the-handmaiden-2016-movie-review-chan-wook-park

The Handmaiden (2016) Movie Review

Director Chan-wook Park is not afraid to push buttons. He’s not afraid to be different. Not afraid to indulge.

The Handmaiden may be Chan-wook Park’s most button-pushing, different, indulgent film to date.

the-handmaiden-movie-review

In 1930s Korea, a woman named Sook-hee (Tae-ri Kim) is hired to be the handmaiden of a wealthy Japanese heiress Lady Hideko (Min-hee Kim). But nothing is what meets the eye. Nothing. Sook-hee is conning Hideko under hire from a smarmy Count (Jung-woo Ha). Deep overtones of eroticism stake their claim to this narrative, as well as the left-of-center upbringing of Lady Hideko.

Themes of abuse, suicide, sex, and deception run rampant through The Handmaiden. It is an exploitation film. But it is a beautiful one. Nearly every shot, lavishly lit and poignantly staged, yields a tapestry. A series of shots—a tad too many in a lesser film—depicting merely shifting glances tell an entire story, wordlessly. One scene consisting of two women clinically undressing each other use the characters’ turning directions to illustrate a curious and questioning oscillation of distance and intimacy.

The film is more beautiful than it has any right to be. Such a phrase—“too ____ than is has the right to be”—is generally a reductive concept, because it is based on the premise that expectations should delineate the box that a film should live within. Why the sentiment works in the sense of this film is quite simple: The Handmaiden is utterly gratuitous.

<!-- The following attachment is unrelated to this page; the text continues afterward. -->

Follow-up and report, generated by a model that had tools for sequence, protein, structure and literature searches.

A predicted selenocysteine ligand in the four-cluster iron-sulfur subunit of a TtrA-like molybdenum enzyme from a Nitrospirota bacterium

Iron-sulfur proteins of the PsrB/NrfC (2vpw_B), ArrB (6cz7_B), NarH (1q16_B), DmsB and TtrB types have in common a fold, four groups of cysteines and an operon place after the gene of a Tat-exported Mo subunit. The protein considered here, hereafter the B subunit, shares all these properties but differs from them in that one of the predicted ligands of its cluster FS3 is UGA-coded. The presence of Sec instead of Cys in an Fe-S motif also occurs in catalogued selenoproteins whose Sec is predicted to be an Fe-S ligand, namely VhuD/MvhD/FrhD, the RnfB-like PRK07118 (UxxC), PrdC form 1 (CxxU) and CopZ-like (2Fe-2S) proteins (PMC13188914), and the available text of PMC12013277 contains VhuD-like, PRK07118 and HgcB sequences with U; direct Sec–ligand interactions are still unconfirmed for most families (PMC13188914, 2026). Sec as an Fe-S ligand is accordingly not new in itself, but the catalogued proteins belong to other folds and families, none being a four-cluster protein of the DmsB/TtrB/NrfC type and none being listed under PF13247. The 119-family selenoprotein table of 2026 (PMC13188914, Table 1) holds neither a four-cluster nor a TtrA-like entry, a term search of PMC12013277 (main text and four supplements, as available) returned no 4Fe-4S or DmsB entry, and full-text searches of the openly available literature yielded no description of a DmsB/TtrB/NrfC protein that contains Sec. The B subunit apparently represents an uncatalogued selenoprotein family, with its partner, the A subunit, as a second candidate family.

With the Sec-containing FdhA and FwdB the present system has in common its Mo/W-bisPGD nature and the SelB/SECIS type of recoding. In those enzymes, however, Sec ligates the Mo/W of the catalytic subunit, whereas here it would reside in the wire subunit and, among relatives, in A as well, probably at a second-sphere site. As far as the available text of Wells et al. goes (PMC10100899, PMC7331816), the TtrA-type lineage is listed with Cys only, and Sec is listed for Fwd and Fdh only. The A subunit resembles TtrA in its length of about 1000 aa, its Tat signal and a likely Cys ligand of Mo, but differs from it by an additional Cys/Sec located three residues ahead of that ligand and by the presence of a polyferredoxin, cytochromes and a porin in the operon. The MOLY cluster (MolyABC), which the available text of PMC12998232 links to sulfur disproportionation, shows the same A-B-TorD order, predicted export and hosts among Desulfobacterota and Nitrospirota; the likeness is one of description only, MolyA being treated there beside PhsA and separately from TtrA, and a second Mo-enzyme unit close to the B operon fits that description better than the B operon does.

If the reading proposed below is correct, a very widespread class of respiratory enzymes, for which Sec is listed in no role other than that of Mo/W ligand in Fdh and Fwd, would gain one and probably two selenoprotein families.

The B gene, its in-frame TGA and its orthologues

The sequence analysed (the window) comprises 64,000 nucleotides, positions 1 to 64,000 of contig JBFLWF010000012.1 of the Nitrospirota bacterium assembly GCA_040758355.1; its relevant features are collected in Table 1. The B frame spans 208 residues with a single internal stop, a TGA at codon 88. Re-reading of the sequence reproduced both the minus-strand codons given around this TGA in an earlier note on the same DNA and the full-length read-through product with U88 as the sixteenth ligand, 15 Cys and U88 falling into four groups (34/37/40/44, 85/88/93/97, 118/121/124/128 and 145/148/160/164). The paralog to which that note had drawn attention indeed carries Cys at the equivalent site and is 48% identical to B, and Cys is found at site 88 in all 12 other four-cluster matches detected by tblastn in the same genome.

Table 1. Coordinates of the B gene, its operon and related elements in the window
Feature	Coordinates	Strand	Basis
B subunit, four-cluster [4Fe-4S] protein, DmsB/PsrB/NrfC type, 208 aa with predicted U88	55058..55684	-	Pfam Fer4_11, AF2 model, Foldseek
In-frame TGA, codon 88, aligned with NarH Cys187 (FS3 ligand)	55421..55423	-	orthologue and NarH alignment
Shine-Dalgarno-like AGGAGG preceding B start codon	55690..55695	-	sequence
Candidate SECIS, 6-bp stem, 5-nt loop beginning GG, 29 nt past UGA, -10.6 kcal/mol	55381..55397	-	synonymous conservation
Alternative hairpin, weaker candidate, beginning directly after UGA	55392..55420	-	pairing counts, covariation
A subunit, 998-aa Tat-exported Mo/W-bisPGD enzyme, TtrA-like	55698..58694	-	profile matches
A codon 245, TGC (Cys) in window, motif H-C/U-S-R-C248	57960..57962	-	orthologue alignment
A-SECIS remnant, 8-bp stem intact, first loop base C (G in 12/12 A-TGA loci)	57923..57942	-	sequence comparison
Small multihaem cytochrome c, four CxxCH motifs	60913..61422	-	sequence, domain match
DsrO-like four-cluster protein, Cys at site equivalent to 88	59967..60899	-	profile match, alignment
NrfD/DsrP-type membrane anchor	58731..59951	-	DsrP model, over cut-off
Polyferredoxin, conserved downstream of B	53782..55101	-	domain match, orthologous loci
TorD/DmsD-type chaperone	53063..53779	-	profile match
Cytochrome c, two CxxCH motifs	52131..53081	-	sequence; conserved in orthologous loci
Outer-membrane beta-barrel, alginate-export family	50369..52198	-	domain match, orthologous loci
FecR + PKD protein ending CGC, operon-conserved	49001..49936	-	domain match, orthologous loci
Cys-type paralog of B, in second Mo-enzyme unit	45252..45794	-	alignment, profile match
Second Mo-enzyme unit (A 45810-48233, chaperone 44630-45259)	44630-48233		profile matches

Lengthy sex scenes, uncensored and unflinching, break up the story. Similarly unflinching are the lengthy scenes of underground erotica readings, full of men comically holding their groins at the anticipation for the next raunchy line. One could call this film smut, if it were not for how expertly it is all put together.

Chan-wook Park is no stranger to exploitation tropes. His films are full of violence and sexual themes that are inextricably linked to the characters’ psyches. Oldboy and Stoker engage in incestuous themes and plots. The visual insanity of some of Oldboy‘s best scenes could be considered hyper-violent (that hallway hammer fight scene, for one).

The Handmaiden uses its low culture tropes in fascinating ways, though. There is something honest about the sheer sexual nature of the film’s sex sequences, the lack of restraint. It is intimate in both a sensual and uncomfortably close way. While indulgent to the nth degree, these scenes add to the story being weaved.

This story is a delightful mixture of psychological thriller, haunted house horror, and period piece drama. Tropes of all three break their way through without the film becoming tonally cluttered. Indeed, plenty moments of the film can be equally comedic and uncomfortable. Awkward laughter in a theater never felt so right.

The Handmaiden may dwell on its most controversial parts. It relishes in its own exploitation while also contributing to an earnest narrative. Despite all of this, the film is something to behold, an achievement of visual storytelling.

 

The Handmaiden: A-

 

As always, thanks for reading!

Like CineFiles on Facebook for updates on new articles and reviews.

—Alex Brannan (@TheAlexBrannan)

 

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